I have such a giant respect for farmers -- especially organic farmers after the trials and tribulations with my own garden. I have had a garden every year, in every apartment, duplex and now the house that I live in. When I was eighteen, I moved out of my parent's house, into a 4-plex. I was on the second story. I started a little garden in pots on the balcony. Herbs, cherry tomatoes and carrots. The carrots didn't do too well, the herbs did pretty well, and the cherry tomatoes grew like weeds. My mother was always an avid gardener. She had compost piles before it was the cool thing to do. She explained to me that the things that I planted in pots would do much better if they were in the ground. More nutrients, more water, more sunlight. I dug up parts of yards in rented apartments to plant my little gardens (boy were the landlords pissed). I tore out the ugly perennials the gardeners planted in front of another apartment I lived in and planted away (not enough sun there). But I never gave up.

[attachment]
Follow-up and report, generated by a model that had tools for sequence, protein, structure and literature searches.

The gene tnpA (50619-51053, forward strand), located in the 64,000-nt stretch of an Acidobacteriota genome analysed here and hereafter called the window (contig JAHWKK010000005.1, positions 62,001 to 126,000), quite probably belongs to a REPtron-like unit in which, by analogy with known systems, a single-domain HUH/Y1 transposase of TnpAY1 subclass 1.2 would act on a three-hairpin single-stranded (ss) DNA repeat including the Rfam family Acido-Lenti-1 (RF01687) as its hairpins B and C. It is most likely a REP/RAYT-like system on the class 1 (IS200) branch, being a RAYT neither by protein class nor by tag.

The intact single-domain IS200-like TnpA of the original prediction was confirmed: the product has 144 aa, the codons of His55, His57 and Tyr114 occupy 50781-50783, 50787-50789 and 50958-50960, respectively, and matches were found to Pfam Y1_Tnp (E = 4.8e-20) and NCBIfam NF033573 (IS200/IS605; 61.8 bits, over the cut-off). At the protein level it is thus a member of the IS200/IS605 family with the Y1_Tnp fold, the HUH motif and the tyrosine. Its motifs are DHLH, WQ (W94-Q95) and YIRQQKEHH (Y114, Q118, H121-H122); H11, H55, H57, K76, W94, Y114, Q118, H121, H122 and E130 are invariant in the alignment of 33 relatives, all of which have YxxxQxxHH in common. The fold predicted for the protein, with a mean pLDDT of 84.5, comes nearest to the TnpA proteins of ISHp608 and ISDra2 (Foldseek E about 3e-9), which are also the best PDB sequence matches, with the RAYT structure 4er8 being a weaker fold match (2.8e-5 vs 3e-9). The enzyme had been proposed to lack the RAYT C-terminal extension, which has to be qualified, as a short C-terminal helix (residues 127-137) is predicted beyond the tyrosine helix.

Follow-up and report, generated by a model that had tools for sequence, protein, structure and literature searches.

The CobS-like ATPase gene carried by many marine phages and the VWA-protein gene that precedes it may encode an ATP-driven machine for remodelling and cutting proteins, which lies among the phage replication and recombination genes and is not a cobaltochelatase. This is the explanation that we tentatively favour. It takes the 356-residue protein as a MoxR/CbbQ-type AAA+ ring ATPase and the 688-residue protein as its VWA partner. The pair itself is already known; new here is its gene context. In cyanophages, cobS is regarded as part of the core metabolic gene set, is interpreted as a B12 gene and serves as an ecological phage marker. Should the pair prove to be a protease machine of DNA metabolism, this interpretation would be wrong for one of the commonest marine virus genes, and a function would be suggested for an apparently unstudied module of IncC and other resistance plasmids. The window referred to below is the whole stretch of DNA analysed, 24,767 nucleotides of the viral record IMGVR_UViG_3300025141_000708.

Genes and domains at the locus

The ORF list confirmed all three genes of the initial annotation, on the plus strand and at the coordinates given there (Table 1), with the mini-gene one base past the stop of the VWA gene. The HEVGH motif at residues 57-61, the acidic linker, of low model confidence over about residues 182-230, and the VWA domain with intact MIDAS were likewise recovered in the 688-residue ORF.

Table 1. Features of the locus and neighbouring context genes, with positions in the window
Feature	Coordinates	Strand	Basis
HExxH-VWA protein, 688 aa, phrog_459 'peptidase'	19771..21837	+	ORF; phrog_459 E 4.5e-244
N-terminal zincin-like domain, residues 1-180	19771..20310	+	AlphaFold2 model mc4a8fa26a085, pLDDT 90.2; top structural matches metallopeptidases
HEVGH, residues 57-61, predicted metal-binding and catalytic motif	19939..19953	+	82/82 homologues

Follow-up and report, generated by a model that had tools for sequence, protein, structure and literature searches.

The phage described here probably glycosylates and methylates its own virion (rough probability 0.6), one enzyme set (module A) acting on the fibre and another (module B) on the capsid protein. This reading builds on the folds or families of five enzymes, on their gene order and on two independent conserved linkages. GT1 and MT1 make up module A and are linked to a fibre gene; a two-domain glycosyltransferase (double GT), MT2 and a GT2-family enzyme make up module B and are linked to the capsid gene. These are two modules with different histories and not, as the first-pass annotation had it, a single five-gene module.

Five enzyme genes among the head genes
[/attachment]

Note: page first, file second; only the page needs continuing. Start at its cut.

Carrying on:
There were successes along the way, even great veggies that I grew. Back then if you saw mold on the leaves of a zucchini plant or motes on the underside of the leaves of a tomato plant, it was fine to blast them with some crazy toxic anti bug spray. Back then it was also fine to sprinkle everything with some kind of powder that would make everything grow huge. But over the years we have all learned that these pesticides and sprays were harmful, and not the proper way to garden or eat. In the house my husband and I live in now I have had an organic garden plot in four or five different places on our hillside backyard. One place was too shady, one place smack in the way. THEN three years ago, the attack of the gophers. I really thought I'd found the absolute perfect spot. My pastry chef, Michael, and I dug it over, added organic Amend and compost, measured out the perfect rows, and planted every row from seed: heirloom carrots, heirloom beets, Easter egg radishes, leeks, Little Gem lettuces, and rows of different herbs.